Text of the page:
The app breathed in deeply and sighed, “I want to connect this computer to the network but there’s no place to plug in the network cable!”

The lizard walked around the computer and took a look at the back. “Looks like you might need to install a network card.”

The app looked up, “The computer and the operating system aren’t enough to talk to the network?”

The lizard replied, “Networking is a whole ‘nother problem. Here, I’ll help you install a card.”

And the lizard and the app went to the store together, and came back with an ethernet card. While the app looked on in wonder, the lizard sliced open the computer, inserted the ethernet card, and sewed the computer back up, this time with a nice ethernet port on the back. 

The app, victorious, plugged in the network cable. “Computer! Wake up! You have network now!”

The computer looked at the app, “Network? I don’t see any network.”

The lizard rolled its eyes at the computer. “Through the ethernet card I just installed.”

The computer stared blankly “Ethernet card?”

The lizard walked up to the computer and whispered something the app couldn’t understand.

a lizard licks a computer. a piece of paper looks on, surprised.

The computer’s eyes widened. “Oh you mean THAT ethernet card!” It proudly opened its default browser.

“Thank you, lizard!” the app leaped with joy.

“Best of luck, kid,” the lizard replied as it went on its way.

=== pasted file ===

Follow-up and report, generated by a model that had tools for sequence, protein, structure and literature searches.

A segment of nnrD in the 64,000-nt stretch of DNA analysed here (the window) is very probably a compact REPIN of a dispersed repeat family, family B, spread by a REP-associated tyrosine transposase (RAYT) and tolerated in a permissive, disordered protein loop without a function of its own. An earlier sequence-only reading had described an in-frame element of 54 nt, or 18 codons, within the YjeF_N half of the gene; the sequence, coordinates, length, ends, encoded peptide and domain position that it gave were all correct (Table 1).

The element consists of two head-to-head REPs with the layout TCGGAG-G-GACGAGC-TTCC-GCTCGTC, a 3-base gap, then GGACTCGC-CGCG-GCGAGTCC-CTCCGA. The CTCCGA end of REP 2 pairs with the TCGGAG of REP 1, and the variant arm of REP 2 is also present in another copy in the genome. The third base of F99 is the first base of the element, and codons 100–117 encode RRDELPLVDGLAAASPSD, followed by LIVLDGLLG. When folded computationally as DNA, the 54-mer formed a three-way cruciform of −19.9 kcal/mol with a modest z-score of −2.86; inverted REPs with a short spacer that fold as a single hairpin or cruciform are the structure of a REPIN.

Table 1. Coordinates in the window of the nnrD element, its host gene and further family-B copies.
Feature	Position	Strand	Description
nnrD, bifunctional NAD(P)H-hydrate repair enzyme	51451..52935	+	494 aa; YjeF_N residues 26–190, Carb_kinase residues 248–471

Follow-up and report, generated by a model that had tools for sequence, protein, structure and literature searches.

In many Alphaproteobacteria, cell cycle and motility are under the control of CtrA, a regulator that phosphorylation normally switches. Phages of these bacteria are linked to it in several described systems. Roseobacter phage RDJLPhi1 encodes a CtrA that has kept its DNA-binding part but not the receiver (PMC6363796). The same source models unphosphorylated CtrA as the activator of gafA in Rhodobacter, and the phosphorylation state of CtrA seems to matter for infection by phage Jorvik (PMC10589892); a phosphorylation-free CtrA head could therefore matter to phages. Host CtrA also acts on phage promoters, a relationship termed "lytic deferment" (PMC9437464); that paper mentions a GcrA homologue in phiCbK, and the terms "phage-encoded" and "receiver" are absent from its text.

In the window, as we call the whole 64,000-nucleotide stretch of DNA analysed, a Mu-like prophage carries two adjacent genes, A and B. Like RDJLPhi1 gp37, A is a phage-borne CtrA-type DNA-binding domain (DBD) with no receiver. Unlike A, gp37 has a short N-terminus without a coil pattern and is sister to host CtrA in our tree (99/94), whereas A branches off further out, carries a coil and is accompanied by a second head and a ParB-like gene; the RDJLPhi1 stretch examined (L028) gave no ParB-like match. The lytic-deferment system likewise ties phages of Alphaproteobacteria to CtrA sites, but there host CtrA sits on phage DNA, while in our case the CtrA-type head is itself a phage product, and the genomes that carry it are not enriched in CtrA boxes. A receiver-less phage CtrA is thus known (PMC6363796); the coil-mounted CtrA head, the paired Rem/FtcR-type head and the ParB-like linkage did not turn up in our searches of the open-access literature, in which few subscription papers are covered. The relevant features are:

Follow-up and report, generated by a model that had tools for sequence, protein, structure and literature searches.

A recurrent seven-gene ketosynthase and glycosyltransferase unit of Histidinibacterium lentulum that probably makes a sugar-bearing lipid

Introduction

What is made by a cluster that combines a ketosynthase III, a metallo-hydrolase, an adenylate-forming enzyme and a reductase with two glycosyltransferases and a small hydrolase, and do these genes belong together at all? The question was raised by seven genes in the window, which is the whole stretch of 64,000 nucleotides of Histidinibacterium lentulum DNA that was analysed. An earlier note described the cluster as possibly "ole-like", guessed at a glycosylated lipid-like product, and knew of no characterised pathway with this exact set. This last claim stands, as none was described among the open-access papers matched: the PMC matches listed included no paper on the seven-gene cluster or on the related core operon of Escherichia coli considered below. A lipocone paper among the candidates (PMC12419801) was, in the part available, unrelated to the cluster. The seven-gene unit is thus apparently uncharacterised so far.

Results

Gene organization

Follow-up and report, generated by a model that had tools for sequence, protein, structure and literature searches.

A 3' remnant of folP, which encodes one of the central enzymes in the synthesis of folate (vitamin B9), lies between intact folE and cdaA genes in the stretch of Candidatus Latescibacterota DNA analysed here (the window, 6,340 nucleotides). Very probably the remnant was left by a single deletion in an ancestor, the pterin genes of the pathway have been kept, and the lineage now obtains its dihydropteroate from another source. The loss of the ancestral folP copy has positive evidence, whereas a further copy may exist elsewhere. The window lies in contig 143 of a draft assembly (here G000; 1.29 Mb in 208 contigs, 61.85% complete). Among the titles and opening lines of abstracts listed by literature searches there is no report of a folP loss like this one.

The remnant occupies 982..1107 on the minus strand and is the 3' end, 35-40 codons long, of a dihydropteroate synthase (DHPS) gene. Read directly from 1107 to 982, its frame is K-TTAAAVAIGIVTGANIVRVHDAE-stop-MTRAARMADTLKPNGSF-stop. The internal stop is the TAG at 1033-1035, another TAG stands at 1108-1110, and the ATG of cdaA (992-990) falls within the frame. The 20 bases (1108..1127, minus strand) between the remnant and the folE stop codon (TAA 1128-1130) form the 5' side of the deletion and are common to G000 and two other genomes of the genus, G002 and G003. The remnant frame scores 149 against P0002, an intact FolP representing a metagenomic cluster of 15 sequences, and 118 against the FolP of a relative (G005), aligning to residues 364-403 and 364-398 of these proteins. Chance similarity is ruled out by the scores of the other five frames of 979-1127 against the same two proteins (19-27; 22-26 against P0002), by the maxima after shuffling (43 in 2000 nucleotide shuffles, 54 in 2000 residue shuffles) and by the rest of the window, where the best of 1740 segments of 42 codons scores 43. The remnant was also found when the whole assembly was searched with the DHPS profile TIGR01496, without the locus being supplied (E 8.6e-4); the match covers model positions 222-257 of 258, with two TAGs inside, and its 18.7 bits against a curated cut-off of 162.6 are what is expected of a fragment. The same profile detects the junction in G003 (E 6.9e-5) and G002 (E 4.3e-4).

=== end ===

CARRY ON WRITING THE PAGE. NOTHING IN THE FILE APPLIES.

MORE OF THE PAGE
“Computer, please open port 3000 to the world!” the app requested. “And run me! Because I listen on that port.”

The computer cooperated this time.

“And give me our IP address!” (That’s not literally what the app said, but it gave the incantation that has that effect.)

The computer communicated over the network, and supplied the address.

The app ran around to its friends, telling them its IP address and port. The other apps were able to connect! The app was useful!

Until it went down randomly, of course. But that’s a different story.

Except the days when it was overwhelmed by too many requests. But that’s a different story too.

Months later, the whole computer was brought down by an exploited vulnerability, and that’s a different story entirely.

The app was so proud of its beautiful, useful code that it published the code to the internet for everyone to see. Hooray!

In fact, the app was SO useful that others wanted to run it. There were thousands of downloads, and a few successful runs reported.

One day an armadillo waddled up and said, “Hey, I’m trying to run your code, but it doesn’t work on my computer.”